TESS exoplanet search to start next week

The satellite will launch on a SpaceX rocket

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Artist's Concept of TESS searching for exoplanets close to the brightest stars near our solar system.

The Transiting Exoplanet Survey Satellite (TESS), an MIT-led NASA mission, is scheduled to launch no earlier than April 16 (6:32 EDT) from the Cape Canaveral Air Force Station on a SpaceX Falcon 9 rocket. When it does, it will begin the latest chapter in the search for new worlds.

Over the course of the next 2 years, TESS will monitor more than 200,000 stars (particularly small ones) across the entire sky by looking for the characteristic dip in brightness of a host star caused by planetary transits. In an interview with The Tech, TESS Deputy Science Director and  professor of EAPS and Aeronautics and Astronautics Sara Seager likened the transit method to “find[ing] an ant in front of a glaring, glaring searchlight.” Smaller stars have a lower energy output, and as a result will give rise to stronger transit signals from small planets. TESS will look for dips in brightness in a patch of stars over a period of 27 days. There are several reasons for the small periods, according to Seager. Smaller stars have smaller habitable zones, and due to Kepler’s Third Law, planets within these small habitable zones will have periods of around 10–30 days.

It is important to note, however, that TESS will be looking for planet candidates. Dips in brightness similar to those of exoplanets can be caused by other factors such as spots and interference from other stars. An exoplanet designation will require follow-up teams and confirmation from other telescopes, Seager said.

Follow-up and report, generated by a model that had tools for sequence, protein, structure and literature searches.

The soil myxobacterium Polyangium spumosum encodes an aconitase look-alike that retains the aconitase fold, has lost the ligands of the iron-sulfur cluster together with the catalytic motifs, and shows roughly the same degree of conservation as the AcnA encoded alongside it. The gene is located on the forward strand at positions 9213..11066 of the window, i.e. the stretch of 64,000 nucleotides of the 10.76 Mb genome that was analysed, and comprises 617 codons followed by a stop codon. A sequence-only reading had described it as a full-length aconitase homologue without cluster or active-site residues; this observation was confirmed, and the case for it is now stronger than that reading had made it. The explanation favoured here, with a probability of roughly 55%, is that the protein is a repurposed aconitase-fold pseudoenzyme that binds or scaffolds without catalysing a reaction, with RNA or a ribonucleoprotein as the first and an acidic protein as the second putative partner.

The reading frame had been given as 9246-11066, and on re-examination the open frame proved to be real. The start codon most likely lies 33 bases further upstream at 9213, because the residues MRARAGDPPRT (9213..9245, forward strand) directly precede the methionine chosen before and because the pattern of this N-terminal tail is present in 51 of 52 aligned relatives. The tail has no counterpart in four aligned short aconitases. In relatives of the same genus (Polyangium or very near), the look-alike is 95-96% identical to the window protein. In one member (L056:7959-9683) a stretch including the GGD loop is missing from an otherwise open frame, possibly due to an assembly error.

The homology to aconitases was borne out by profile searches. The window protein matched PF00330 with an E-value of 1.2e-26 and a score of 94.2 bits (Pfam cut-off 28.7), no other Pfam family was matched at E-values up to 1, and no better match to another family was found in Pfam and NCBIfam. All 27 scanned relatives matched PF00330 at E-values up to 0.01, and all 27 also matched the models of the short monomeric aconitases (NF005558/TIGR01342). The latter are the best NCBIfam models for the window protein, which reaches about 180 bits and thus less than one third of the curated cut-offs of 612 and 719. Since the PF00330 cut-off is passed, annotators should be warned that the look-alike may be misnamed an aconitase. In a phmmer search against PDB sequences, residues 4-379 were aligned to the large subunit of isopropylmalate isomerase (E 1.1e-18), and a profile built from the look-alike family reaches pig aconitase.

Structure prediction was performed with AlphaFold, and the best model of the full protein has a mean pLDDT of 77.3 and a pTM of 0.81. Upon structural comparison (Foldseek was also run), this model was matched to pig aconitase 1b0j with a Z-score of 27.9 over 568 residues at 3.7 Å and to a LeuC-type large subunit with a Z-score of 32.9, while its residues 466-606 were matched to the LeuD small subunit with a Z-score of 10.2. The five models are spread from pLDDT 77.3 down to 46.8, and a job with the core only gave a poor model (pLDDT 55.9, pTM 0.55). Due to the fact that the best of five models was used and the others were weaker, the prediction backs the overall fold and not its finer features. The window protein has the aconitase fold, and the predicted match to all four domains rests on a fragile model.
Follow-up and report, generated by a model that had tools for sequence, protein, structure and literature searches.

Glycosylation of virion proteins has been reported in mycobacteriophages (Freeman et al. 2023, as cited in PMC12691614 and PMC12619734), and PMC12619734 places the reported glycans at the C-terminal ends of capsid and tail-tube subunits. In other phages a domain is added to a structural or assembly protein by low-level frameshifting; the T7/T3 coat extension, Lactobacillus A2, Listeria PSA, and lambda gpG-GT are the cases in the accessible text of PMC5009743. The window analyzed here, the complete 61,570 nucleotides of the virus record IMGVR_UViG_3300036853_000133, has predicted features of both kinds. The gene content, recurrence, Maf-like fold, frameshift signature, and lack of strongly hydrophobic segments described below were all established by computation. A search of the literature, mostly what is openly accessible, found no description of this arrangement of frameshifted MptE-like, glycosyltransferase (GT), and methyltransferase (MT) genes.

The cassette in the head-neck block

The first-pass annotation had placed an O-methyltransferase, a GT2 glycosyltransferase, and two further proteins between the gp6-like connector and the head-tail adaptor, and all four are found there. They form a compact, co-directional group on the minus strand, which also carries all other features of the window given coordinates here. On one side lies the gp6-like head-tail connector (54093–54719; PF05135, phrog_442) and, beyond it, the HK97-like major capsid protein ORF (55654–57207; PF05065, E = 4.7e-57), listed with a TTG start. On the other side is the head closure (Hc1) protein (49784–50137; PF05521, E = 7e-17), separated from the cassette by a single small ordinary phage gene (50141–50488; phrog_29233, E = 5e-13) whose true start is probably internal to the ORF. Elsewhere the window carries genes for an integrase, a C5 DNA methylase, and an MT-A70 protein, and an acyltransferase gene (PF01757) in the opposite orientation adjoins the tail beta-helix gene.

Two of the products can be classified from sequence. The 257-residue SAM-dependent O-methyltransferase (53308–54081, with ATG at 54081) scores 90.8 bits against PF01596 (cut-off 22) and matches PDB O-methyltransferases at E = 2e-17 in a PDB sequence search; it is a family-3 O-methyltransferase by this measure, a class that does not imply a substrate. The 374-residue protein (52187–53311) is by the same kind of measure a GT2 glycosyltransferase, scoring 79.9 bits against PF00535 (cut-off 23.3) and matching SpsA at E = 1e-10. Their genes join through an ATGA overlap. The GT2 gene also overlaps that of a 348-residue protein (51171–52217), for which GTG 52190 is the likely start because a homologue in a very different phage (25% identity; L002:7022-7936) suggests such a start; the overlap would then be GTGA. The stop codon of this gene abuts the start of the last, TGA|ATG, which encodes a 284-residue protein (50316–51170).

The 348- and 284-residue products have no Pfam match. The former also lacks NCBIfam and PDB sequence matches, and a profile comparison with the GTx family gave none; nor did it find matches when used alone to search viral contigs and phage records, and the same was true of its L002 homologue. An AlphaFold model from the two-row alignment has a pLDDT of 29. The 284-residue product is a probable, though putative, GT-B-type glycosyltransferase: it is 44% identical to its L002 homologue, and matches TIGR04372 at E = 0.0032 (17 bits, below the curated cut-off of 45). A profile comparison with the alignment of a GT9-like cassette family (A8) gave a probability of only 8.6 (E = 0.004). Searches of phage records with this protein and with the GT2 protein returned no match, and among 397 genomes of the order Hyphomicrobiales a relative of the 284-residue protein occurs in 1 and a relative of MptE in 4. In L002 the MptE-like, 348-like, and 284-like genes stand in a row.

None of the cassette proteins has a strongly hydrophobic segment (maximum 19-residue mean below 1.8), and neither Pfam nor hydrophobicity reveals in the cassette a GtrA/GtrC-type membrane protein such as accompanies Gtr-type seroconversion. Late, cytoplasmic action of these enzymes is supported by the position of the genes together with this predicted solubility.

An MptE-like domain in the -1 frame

And while computers will do most of the work in processing the data, human eyes will play a major role in the actual exoplanet finding. According to Seager, “Computers will only do what you tell it to do. And we’ll be looking at a lot of the data ourselves. It sounds rather old-fashioned, but the human eye is still really wonderful at pattern recognition. Especially looking for crazy things you might not have expected. That you might not have told your algorithm to search for.”

TESS comes from a long line of space- and ground-based telescopes tasked with searching for worlds orbiting stars other than our own. A celebrity in the exoplanet hunting business is the Kepler Space Telescope, which has found thousands of confirmed exoplanets since its launch in 2009. Due to the failure of its second gyroscope in 2013, Kepler now operates under the K2 mission and uses solar wind to stabilize itself to periodically focus on different regions in the sky.  

TESS has had a long history of its own. Conceived over a decade ago by Professor George Ricker of the Kavli Institute, TESS has been rejected from competitions, passed over for other missions, and seen donors come and go. It took winning the NASA Explorer (EX) Class Mission in 2010 for TESS to reach this point.

Professor Seager says that she is “confident” that TESS will launch on the first possible day next week.